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An Invitation To Engage

It is 1AM and I am too excited to sleep. I just finished teaching a Talmud class on the complex laws of interest and profit. I readily acknowledge that I may be a strange person, but not because I am excited about a complicated Talmudic discussion.

I have one goal when studying or teaching Talmud: Engagement. The Mishna and the Talmud were written in a manner that invites the reader to step into the Batei Midrash – study halls – in Israel and in Babylon of 1600 to 2,000 years ago and participate in the passionate debates that shaped the direction of the Mishna, Talmud, and Halacha.

We can study the text with the superb commentary of the Artscroll and learn how the text has been explained over the ages. I don’t know how many thousands of people are studying Talmud because it has been opened up for them by the Artscroll Talmud.

I have taught Talmud to groups of highly accomplished people using the Steinsaltz Talmud and they too were guided by Rabbi Steinsaltz into the complex conversations of the generations. I was only satisfied when the debate became heated and passionate.

The Talmud is not a study of information, but of process. It trains us in the application of Halachic principles to new situations and challenges. It is insufficient to study the thinking process of the Sages of the Talmud, the Geonim, Rishonim and Acharonim. We will only learn how to apply their thinking if we are engaged in the debates.

Talmud study is an intense training process in logical thought. When we are engaged in the conversation we learn to distill the concepts, not just the laws. That is why when we study a Responsum of Rabbi Moshe Feinstein, for example, we will find him applying the concepts of laws that, at first glance, seem distant from the immediate topic. Rav Moshe didn’t think in a checklist of laws, he thought conceptually, and, in his mastery of Torah, which flowed through his veins, he could apply the ideas of diverse Halachot to a single topic. Rav Moshe is part of the same conversation that began in the Mishna.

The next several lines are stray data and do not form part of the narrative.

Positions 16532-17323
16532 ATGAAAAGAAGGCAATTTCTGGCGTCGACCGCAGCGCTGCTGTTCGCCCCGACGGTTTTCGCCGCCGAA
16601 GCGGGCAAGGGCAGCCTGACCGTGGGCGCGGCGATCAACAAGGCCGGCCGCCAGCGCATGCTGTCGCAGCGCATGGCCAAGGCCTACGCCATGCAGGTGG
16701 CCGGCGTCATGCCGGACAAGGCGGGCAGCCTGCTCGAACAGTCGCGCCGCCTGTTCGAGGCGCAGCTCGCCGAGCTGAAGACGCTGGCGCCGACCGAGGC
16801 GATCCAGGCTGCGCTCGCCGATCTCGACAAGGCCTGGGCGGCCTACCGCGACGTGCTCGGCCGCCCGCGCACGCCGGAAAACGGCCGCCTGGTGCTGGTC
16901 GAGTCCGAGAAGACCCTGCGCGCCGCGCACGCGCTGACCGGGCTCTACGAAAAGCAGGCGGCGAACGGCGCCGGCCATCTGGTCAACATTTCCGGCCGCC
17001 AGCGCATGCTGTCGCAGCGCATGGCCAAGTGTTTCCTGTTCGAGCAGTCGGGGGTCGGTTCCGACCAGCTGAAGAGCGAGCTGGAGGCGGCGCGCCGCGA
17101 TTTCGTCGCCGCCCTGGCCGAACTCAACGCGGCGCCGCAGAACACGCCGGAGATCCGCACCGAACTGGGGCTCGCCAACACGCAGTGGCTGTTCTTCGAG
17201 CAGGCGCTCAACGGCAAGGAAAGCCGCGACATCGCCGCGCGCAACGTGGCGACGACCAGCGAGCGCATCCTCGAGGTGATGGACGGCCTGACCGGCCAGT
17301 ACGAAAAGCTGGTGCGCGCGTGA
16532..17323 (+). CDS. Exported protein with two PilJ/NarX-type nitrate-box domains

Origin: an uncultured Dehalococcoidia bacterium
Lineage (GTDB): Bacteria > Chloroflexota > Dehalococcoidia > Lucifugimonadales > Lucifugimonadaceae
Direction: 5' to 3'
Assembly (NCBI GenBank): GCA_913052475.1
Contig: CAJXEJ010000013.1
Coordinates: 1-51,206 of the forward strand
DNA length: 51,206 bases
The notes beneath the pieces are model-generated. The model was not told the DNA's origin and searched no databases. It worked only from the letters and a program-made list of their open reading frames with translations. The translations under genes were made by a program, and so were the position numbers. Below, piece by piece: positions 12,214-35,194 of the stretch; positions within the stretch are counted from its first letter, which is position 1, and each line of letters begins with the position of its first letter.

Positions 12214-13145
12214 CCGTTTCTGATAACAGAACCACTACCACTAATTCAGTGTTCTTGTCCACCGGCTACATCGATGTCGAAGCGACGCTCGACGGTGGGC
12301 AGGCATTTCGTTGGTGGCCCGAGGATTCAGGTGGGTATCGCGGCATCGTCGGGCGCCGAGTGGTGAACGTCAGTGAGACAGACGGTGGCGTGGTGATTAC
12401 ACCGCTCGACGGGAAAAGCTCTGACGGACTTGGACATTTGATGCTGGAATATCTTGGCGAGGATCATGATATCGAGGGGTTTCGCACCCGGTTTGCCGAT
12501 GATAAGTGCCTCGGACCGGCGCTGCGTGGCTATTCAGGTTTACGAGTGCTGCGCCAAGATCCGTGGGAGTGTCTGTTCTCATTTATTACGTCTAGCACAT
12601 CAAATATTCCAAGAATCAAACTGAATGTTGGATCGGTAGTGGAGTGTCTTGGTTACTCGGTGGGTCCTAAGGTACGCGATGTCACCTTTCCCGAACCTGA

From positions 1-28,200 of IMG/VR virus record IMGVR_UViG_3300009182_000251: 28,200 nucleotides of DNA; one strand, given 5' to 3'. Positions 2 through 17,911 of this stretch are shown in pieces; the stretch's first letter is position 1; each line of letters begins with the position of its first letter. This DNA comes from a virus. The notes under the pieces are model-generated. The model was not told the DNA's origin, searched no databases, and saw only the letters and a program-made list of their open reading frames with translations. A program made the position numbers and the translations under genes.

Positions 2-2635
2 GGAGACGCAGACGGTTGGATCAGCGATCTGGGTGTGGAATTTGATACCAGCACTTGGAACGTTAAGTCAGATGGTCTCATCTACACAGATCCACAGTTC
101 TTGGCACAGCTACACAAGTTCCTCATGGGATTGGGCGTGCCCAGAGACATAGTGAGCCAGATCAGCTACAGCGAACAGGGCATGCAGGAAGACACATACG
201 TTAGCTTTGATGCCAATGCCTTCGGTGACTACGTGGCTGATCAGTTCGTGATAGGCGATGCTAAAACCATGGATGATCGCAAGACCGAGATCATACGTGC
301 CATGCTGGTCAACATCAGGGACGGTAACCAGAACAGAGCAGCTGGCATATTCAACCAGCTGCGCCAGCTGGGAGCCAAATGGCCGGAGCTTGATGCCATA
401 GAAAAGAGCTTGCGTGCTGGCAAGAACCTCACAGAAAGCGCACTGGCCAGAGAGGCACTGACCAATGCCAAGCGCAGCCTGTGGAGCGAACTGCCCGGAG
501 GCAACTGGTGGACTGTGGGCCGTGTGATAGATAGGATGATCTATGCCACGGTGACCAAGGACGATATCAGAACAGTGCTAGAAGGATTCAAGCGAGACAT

Even we, who do not begin to approach Rav Moshe’s mind or knowledge, can join in the same debate. The Talmud invites us to participate in the discussion and not remain on the sidelines as observers.

That is why I am so excited at 1AM. We engaged in a furious battle of ideas. We argued with, questioned, challenged, and carefully listened to, the voices of the Mishna, Talmud, Rashi, the Pnei Yehoshua and the Maharam. We were there in the room with all of them. We were exhausted when the debate ended, but thrilled to have participated, and changed by the experience.

Even better: At the conclusion of the class, someone commented, “We should use the same approach when we study any Biblical scene. We have to picture ourselves as active participants in the story.”

And that, my friends, is exactly why the Talmud nurtures engagement. It invites us to become active participants in every aspect of Torah. There are few things, if any, that are more exciting.

Author Info:
Learn & discover the Divine prophecies with Rabbi Simcha Weinberg from the holy Torah, Jewish Law, Mysticism, Kabbalah and Jewish Prophecies. The Foundation Stone™ is the ultimate resource for Jews, Judaism, Jewish Education, Jewish Spirituality & the holy Torah.


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